I'm posting this question because this is new material for me and I am unsure of my answers and have no one to consult with. I solved the first three and would appreciate feedback. I need help solving the last two.

We are asked to find a recursive formula (for example $f(n) = 2f(n-1)+f(n-2)+3$) for the following binary sequences (only digits allowed are $0$ and $1$):

1) binary sequence without the sub sequence $11$

2) without the sub sequence $01$

3) without the sub sequence $000$

4) without the sub sequence $011$

5) without the sub sequence $010$

1) let $f(n)$ be the number of sequences without $11$. if the sequence starts with $0$ then we have $f(n-1)$ for the other digits, if it starts with 1 then it has to be followed by a $0$ and then we have $f(n-2)$ for the other digits, so overall we get $f(n) = f(n-1)+f(n-2)$

2) let $f(n)$ be the number of sequences without $01$. if the sequence starts with $1$ then we have $f(n-1)$ options for the other digits, if it starts with $0$ then the entire sequence must be $0000...0$ that is the only option., so $f(n)=f(n-1)+1$

3) let $f(n)$ be the number of sequences without $000$. if the first digit is $1$ then we have $f(n-1)$ options for the rest. if it's $0$ then we need to look at the second digit, if it's $1$ then we have $f(n-2)$ for the other digits. if it's zero then we need to look at the third digit. The third digit must be $1$ and after that $f(n-3)$ options for the rest. overall $f(n)=f(n-1)+f(n-2)+f(n-3)$.

4) let $f(n)$ be the number of sequences without $011$. if the first digit is $1$ then we have $f(n-1)$ options for the other ones. if it's $0$ then we need to look at the second digit. if it's $1$ then the third digit is $0$ and after that we have $f(n-3)$ options. if it's $0$ then we are stuck because we always need to keep watching what the next digit is...I don't know how to solve it.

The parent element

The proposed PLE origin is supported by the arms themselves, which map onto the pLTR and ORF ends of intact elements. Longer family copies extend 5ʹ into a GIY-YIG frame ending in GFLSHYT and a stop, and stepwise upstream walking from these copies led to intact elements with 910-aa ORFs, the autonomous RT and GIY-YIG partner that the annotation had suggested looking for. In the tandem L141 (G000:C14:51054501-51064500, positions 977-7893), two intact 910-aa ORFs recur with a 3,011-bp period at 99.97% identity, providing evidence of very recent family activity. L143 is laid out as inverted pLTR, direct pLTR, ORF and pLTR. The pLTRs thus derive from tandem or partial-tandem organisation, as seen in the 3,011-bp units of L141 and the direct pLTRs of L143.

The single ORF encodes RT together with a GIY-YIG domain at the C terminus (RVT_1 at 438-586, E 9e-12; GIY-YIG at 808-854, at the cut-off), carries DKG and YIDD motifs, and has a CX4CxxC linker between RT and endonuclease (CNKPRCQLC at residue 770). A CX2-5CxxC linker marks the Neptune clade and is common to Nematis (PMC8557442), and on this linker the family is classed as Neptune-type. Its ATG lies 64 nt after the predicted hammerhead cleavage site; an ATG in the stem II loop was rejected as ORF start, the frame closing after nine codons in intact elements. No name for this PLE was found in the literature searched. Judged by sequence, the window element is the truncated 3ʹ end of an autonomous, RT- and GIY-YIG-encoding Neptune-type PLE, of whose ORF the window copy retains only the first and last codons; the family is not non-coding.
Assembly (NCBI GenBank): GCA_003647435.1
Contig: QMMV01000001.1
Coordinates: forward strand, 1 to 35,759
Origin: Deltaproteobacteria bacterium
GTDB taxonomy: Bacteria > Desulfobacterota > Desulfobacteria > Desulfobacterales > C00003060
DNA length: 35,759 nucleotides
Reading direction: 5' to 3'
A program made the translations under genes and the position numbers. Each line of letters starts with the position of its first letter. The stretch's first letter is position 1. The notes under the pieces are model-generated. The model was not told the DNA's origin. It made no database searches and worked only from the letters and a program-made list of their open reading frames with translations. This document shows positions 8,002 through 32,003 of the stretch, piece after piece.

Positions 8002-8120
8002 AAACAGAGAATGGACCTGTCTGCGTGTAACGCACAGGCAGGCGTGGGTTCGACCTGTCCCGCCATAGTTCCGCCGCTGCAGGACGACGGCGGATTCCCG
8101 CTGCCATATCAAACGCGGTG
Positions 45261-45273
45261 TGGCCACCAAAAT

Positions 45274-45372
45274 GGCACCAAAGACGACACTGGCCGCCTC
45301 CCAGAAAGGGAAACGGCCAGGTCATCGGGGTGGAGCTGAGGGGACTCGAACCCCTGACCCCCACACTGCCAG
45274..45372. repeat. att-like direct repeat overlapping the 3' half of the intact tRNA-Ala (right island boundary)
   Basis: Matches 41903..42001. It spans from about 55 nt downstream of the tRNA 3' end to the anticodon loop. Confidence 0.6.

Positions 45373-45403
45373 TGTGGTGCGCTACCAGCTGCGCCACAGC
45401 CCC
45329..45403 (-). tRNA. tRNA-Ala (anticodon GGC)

5) same problem as 4.

• Your 4) is already wrong. The part of $f(n-1)$ is correct, but the latter part is wrong. You are saying that the $010$ case can be represented as $f(n-3)$, but pay attention for the fact that this does not include the $01011$ case. So far I don't have any good idea. – mathlove Dec 22 '13 at 17:06

1,2,3) Sounds good!

4) change perspective and consider the string from the right:

• Ending with $0\;\,$: $f(n-1)$ possibilities for first $n-1$ digits
• Ending with $01$: $f(n-2)$ possibilities for first $n-2$ digits
• Ending with $11$: bad luck, all digits must be 1, so there is one case to add

All in all: $$f(n) = f(n-1)+f(n-2)+1$$

5) consider from the left again: If we start with $0$, then a sequence of zeros must be followed by a $11$. After that, we can continue as usual.

• Starting with $1 \;\;\;\;\;$: $f(n-1)$ possibilities for last $n-1$ digits
• Starting with $011\,\,\,$: $f(n-3)$ possibilities for last $n-3$ digits
• Starting with $0011$: $f(n-4)$ possibilities for last $n-4$ digits
• ...
• Sequence is $0\dots 011$: 1 possibility
• Sequence is $0\dots 001$: 1 possibility
• Sequence is $0\cdots 000$: 1 possibility

All in all we get: $$f(n) = f(n-1)+\sum_{k=1}^{n-3}f(k)+3$$